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  1. Data Management
  2. DM-17949

Firefly TAP browser: UI planning for future support of joins

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    • Status: To Do
    • Resolution: Unresolved
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    • Firefly, SUIT
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    Description

      I understand that there's some thinking going on about possible rearrangement of the components of the prototype TAP browser UI, and in this context I heard a remark that the upper-left pane, that is, the schema-and-table selection pane, has some blank space that we could think about reclaiming.

      This is to point out that at some point we'll want to facilitate joins in the UI, based on the foreign-key information in TAP_SCHEMA.

      The currently empty space below the "Tables" pull-down would be exactly the place for this. I imagine that below that pull-down there would be UI elements for selecting a table to join to and the keys to use for the join.

      I've started a sketch for that which I'll upload as an image.

      Once the join is defined, Firefly would have to determine what the joined tables' effective schema would be, either by analyzing the schemas of the two tables and computing the combination itself, or by issuing a MAXREC=0 query for the join against the TAP service. With that in hand, the UI's table-of-columns-and-constraints (the current bottom half) could be populated with the joined schema, and then all its other features (e.g., column selection, constraint definition) would proceed as usual. The spatial-constraint and temporal-constraint search helpers (upper right pane) should also be able to work against the joined schema. This is all pretty well-defined and users would have very natural expectations.

      Getting the joined-table schema itself defined may be the hardest part of this whole task.

      Implementing this is NOT an LSST close-out task (sadly). But we should not give the UI space away without at least taking this into account.

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            The sketch I've attached shows a maximalist fantasy, where the UI supports both by-key and spatial ("fuzzy") joins, with that choice under the control of radio buttons.

            1) The by-key joins, which would be easier to implement and my higher priority, would offer tables eligible to be joined to the "primary" table that was selected, based on the content of the TAP_SCHEMA.keys table, which describes which tables have foreign-key links to each other.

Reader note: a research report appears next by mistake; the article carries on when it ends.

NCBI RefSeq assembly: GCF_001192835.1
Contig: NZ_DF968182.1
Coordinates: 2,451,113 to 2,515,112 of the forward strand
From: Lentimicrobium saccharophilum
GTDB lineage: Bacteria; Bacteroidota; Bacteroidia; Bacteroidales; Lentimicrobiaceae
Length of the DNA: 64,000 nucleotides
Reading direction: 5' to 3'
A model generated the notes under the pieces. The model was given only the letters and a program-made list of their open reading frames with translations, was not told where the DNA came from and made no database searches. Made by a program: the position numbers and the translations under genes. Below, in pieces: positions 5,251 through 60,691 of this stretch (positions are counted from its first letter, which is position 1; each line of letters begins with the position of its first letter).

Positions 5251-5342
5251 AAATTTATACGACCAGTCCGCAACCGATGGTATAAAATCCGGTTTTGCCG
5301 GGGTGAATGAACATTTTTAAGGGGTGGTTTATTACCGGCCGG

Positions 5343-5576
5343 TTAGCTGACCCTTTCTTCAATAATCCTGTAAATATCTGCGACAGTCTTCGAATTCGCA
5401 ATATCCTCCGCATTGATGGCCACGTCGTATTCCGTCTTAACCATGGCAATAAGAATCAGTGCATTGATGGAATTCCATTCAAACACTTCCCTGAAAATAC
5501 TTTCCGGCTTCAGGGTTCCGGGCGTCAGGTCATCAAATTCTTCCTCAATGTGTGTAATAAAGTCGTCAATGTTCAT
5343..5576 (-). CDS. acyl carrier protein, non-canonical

Once a second table is chosen, there will be one or more actual key pairs that can be used for the join, as defined in the TAP_SCHEMA.key_columns table. The final drop-down allows the user to make the choice of these, if there is a choice available.

            (I didn't show this in my sketch, but on reflection the "Upload" function I sketched for the spatial join also makes sense for by-key joins. However, here, without TAP_SCHEMA.key_columns metadata available, the user would have to be offered the choice of any columns in either table to be used to perform the foreign-key join. That would require two key drop-downs, instead of a single key-pair drop-down.)

            2) For spatial joins, the first step would be to define a target table. In this case it will be extremely common for the user to want this to be a transiently uploaded private table, so I showed an upload button.

            Once the two tables have been defined, a fairly complex UI that probably will not fit in this pane would be needed to define the columns in each table that would be used for the spatial ("neighborhood") join. Some of the logic of the existing spatial-constraints helper would be appropriate here, as the job would include identifying columns that are "ra-like" and "dec-like" to be used in the spatial distance calculation.

            It might also be useful to be able to perform one-dimensional "fuzzy joins", e.g., on time.

            All of this second mode requires a lot of careful thought. I would recommend deploying a version of the TAP explorer with the by-key joins first, and then add the spatial joins in a further round of work. Support of joins to user tables in the by-key joins could/should also be deferred.